Book Review: Glory, Goals and Greed
Published by Mainstream,Â August 2011
In pitching my ideas for Kissing The Badge to Bloomsbury, other options also made the short list. My favourite, a club-by-club, season-by-season review of the Premier League with additional sections on the best players, bosses, matches and so on was shelved. It would have taken too long, cost too much to put together and carried too high a price tag for most fans of its subject matter. Leave that one to the sponsors then.
Joe Lovejoyâ€™s effort is maybe halfway to that initial idea. Itâ€™s not the definitive record, but who would want one? Itâ€™s not an official account, and the author makes full use of the resulting freedom. And itâ€™s not in any way a chronological countdown of the highs and lows of the self-styled â€œbest league in the world.â€
It is a fascinating collection, review and analysis of milestones selected by Lovejoy as being worthy of inclusion. He doesnâ€™t offer any criteria for including some bits and omitting others, but then I know from my own experience that you canâ€™t squeeze everything in there. By and large you try and include the big stories from Premier League history, a few weird and quirky anecdotes and anything else you can get that fits the plan. It can be quite random in parts.
Kissing The Badge crams in trivia, questions and quotes and includes every team that has ever kicked a ball in the Premier League, but even having researched and written it I came across a few things in Lovejoyâ€™s work that Iâ€™d forgotten or didnâ€™t know in the first place.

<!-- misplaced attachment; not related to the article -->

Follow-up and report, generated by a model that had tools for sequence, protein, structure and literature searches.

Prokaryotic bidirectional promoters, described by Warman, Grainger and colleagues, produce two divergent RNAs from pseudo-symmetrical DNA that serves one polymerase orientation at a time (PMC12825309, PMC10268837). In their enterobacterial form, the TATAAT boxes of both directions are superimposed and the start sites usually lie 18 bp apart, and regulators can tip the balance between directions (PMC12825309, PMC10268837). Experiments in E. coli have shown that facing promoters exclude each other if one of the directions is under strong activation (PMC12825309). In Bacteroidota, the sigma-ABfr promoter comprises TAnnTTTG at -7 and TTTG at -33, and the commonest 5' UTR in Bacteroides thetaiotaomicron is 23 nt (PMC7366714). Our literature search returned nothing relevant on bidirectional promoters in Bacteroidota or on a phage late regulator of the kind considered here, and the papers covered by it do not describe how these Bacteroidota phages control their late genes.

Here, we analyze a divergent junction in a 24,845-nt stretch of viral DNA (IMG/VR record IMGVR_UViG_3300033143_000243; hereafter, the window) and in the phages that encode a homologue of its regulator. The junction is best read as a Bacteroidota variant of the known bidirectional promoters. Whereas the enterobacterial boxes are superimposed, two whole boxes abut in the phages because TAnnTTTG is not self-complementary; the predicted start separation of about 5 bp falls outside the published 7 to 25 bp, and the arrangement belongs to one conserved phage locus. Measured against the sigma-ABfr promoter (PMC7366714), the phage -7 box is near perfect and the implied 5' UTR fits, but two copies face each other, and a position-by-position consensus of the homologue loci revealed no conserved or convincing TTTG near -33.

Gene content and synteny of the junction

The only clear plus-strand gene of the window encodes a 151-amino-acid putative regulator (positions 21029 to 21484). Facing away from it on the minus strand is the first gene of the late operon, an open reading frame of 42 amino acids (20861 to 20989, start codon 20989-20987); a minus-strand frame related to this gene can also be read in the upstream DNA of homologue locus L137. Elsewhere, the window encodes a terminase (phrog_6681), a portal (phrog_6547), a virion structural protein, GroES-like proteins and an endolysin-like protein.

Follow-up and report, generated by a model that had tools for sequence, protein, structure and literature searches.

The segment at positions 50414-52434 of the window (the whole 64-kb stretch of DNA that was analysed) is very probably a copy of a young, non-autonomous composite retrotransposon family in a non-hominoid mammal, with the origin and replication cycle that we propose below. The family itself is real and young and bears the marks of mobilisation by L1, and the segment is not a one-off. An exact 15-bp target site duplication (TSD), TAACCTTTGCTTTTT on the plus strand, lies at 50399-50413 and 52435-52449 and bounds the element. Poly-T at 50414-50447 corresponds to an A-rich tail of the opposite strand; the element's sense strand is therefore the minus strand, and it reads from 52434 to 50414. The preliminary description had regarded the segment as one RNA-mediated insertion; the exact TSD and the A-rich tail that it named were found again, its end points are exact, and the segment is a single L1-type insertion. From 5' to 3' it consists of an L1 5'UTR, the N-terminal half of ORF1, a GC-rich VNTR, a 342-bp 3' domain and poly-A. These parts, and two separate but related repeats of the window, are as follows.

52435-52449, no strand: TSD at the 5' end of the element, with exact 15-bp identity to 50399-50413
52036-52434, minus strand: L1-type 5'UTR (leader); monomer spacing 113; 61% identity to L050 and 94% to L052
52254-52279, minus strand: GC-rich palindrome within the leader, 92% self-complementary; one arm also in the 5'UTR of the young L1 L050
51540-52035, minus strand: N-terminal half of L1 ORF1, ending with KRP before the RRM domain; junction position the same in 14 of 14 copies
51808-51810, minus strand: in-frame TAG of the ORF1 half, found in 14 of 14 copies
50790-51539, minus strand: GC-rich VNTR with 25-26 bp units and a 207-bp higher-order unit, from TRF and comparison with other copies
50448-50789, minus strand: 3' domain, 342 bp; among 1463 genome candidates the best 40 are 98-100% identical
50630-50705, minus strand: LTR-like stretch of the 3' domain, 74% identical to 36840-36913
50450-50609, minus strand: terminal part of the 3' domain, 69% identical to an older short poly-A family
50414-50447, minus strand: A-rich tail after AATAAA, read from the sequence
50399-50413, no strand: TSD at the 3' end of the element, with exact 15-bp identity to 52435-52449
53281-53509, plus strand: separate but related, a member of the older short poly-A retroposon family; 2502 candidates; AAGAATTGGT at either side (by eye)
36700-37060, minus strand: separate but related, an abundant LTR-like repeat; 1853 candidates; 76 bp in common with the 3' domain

Glory, GoalsÂ & Greed looks at a lot less of the action and events but in much more detail – and it benefits on a number of fronts by having been written by one of the foremost football correspondents of the last 30 years, someone who has vast knowledge and experience of football â€“ crucially extending well before the launch of the Premier League â€“ and who has a great affection of the game, but stopping short of blind faith.
When I was starting out in journalism, more than 30 years ago, I was advised by Billy Bremner, on his appointment as manager of Doncaster Rovers, that I would be fine if I just wrote about the football. I was reminded of the conversation while reading Lovejoy. He reports his favourite 20 Premier League matches in the simple, traditional style, letting the goals speak for themselves.
He uses the same uncomplicated technique for his interviews, letting some of the big names of the past 20 years recount their own experiences and opinions. It wouldnâ€™t work on TV because some self-important presenter would keep interrupting, but for all his own experience and ability Lovejoy knows when to step into the background and let his interviewees demonstrate their insight.
The comments are often contradictory because the interviewees donâ€™t always share the same views. Lovejoy talks to people who have played at the top of the Premier League and the bottom, others who were involved in its formation without embracing the ideal simply because they recognised the inevitability of the situation.
So there is a lot in Glory, Goals & Greed about the politics and the money, the wheeling and dealing behind the scenes, but some of the most compelling content comes from football people talking candidly about the game in a style that you wouldnâ€™t get in the tabloids. Thatâ€™s refreshing, and itâ€™s relevant throughout professional football.
And if you only read one page in one football book this year then take a look at page 234 here, in which Lovejoy and Niall Quinn discuss ways of narrowing the ever-increasing gap between the Premier League participants and the communities from which they make their living.